Forget Facebook and Pick up the Phone
The business card is no longer. At least that’s what several new social networking sties want you to believe. I personally use a few, but am now finding it impossible to keep up. With hundreds of millions of dollars being invested by over-zealous-money-driven VC’s, and just about every superpower taking on Facebook, it’s a wonder any new network can stand out.
Take for instance my situation:
Facebook – Started in college senior year and quickly added a few hundred friends. I used the site to join frivolous groups, stalk perspective dates and post pictures. After college I started to use the site to network with potential bosses, and found myself interacting with journalists. With the explosion of apps a few months ago, I now spend minutes every day rejecting stupid invitations like: Slasher App and Top Friends application.
MySpace – Stared after college and now have almost 300 friends. Every person I can pick up the phone and call (my one criteria on Myspace). The layout is archaic, and an eyesore. I hardly use it.
Linkedin – Joined last year. Use it to network with perspective employers, journalists, co-workers and old bosses. Spend 10 minutes a month on the site, and haven’t checked it for a few weeks.
The list goes on.
What I’m finding here is that I’m spending almost an hour a day, throughout the day building my online presence, and hating it. When I could be outside drinking beer, going on a run, or actually talking to a friend, I find myself making connections, writing emails and looking at pictures of last night’s keg stand.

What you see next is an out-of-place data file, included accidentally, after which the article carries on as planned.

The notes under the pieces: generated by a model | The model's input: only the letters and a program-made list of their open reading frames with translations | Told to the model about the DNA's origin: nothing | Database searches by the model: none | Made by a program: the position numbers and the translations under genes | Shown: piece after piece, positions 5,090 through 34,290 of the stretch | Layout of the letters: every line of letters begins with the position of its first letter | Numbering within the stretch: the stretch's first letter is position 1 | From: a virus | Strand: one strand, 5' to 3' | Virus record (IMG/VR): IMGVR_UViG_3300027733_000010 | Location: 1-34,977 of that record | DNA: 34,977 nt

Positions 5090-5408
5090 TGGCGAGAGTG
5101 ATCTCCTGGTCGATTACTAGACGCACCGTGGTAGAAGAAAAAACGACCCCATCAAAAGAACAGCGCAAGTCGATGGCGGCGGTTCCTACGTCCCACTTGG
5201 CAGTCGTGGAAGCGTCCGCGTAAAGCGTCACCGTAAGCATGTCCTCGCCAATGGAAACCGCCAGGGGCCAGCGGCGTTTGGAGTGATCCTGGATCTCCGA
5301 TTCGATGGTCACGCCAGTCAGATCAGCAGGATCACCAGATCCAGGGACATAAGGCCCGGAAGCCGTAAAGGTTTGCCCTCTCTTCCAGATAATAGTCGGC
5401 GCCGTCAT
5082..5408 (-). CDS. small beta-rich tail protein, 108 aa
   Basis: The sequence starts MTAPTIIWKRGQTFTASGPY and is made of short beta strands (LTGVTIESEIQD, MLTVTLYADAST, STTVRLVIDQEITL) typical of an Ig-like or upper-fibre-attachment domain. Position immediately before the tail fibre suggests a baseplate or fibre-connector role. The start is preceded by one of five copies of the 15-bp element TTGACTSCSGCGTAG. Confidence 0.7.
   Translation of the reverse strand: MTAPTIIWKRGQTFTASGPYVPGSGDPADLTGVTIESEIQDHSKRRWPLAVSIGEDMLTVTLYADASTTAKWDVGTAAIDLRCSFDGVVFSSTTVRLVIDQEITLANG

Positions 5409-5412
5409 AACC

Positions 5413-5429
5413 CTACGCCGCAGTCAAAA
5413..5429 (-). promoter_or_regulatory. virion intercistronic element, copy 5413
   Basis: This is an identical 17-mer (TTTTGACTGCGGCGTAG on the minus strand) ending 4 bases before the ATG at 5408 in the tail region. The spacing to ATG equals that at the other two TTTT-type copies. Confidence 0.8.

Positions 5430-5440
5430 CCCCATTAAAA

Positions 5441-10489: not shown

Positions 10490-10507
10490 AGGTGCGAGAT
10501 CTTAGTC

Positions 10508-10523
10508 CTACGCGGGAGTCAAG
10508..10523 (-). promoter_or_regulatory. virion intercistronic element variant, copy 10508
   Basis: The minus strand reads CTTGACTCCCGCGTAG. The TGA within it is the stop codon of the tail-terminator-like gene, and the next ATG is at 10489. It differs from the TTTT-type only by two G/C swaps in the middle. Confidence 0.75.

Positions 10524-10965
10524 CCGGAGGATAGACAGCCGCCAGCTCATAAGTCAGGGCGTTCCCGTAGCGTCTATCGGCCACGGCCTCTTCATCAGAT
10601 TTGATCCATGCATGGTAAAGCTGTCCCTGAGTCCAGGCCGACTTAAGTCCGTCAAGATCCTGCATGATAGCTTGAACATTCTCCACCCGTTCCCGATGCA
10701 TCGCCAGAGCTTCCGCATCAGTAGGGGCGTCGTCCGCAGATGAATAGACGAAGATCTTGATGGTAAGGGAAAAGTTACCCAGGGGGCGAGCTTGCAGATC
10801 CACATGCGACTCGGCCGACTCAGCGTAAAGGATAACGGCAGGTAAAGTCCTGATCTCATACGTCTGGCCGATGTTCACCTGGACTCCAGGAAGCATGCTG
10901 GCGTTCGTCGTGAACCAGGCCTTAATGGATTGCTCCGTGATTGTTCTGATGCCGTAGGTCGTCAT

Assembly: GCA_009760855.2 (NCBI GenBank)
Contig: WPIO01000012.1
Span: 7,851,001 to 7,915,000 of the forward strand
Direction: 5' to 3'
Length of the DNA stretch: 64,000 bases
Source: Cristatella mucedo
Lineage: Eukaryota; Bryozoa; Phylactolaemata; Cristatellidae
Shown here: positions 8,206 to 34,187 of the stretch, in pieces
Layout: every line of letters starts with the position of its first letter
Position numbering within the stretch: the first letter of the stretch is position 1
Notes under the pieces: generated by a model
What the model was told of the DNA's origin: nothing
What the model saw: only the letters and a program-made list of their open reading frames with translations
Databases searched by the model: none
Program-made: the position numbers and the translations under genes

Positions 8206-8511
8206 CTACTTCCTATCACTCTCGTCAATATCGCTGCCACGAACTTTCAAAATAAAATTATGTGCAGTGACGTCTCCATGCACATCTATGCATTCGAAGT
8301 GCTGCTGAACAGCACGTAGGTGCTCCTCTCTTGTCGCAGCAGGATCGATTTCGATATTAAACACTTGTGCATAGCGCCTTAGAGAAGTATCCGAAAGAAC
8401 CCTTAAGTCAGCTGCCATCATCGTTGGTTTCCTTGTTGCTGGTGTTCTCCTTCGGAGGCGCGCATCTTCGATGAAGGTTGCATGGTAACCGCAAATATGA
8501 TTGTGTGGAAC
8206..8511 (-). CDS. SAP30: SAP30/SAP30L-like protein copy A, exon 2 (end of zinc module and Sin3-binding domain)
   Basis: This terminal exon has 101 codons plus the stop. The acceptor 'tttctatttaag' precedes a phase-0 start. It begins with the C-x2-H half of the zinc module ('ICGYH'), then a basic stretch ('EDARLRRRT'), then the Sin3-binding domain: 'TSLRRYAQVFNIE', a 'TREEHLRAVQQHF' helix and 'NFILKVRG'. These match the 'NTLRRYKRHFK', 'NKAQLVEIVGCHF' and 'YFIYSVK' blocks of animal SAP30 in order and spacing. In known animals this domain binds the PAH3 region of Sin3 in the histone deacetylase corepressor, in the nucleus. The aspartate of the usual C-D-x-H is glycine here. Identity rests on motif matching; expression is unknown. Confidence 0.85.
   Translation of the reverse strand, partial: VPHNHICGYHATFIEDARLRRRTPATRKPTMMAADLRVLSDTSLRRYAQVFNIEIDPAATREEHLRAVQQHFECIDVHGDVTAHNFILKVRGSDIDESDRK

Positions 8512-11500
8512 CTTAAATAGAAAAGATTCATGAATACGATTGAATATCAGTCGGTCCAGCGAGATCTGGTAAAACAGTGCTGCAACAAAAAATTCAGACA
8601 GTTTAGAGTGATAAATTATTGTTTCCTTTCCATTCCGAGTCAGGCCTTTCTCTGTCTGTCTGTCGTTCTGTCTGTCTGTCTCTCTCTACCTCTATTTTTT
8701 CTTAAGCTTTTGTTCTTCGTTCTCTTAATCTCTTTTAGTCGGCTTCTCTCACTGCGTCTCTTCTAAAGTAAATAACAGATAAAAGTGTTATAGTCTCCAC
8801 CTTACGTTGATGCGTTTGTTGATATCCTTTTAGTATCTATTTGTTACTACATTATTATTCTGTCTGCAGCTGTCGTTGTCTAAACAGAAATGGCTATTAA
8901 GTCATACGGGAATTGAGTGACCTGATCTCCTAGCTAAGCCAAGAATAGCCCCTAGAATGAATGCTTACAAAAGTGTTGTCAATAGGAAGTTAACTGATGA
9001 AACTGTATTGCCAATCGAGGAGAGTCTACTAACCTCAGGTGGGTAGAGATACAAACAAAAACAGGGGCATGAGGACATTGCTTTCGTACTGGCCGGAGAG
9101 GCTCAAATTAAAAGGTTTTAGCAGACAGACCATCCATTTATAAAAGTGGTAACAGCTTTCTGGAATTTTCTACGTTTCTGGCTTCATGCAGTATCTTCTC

In other words, the applications which are supposed to “bring us together” are really tearing us apart.
So what is a young professional to do? For starters, pick up the phone. Everyone is busy, some are really busy, but in reality no one should be too important that they can’t talk to you. A CEO may be booked for weeks, or just give you the runaround, but a younger professional may not be.
I’ve found myself calling numerous editors, writers and professionals for advice. They initially clam up, wondering why the hell this kid is asking for an open ended conversation, but when they have the courage to converse it becomes beneficial for both of us.
Everyone has an ego. Online the egos are inflated by number of friends, subscribers, comments and trackbacks. On the phone, the ego is limited to time.
So I challenge the younger generation to step outside the box and connect the old fashioned way. Because as we all know when the Internet goes down it seems the world tends to stop, and God forbid your livelihood depends on such a fragile infrastructure.
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Tim Shisler is a freelance interactive journalist specializing in photography, video and gps-supported content. On the Water, a phrase commonly used by river guides to describe their day, is a group of thoughts and images derived from Tim's travels and interviews.
To see more of Tim's work please visit his website www.timshisler.com
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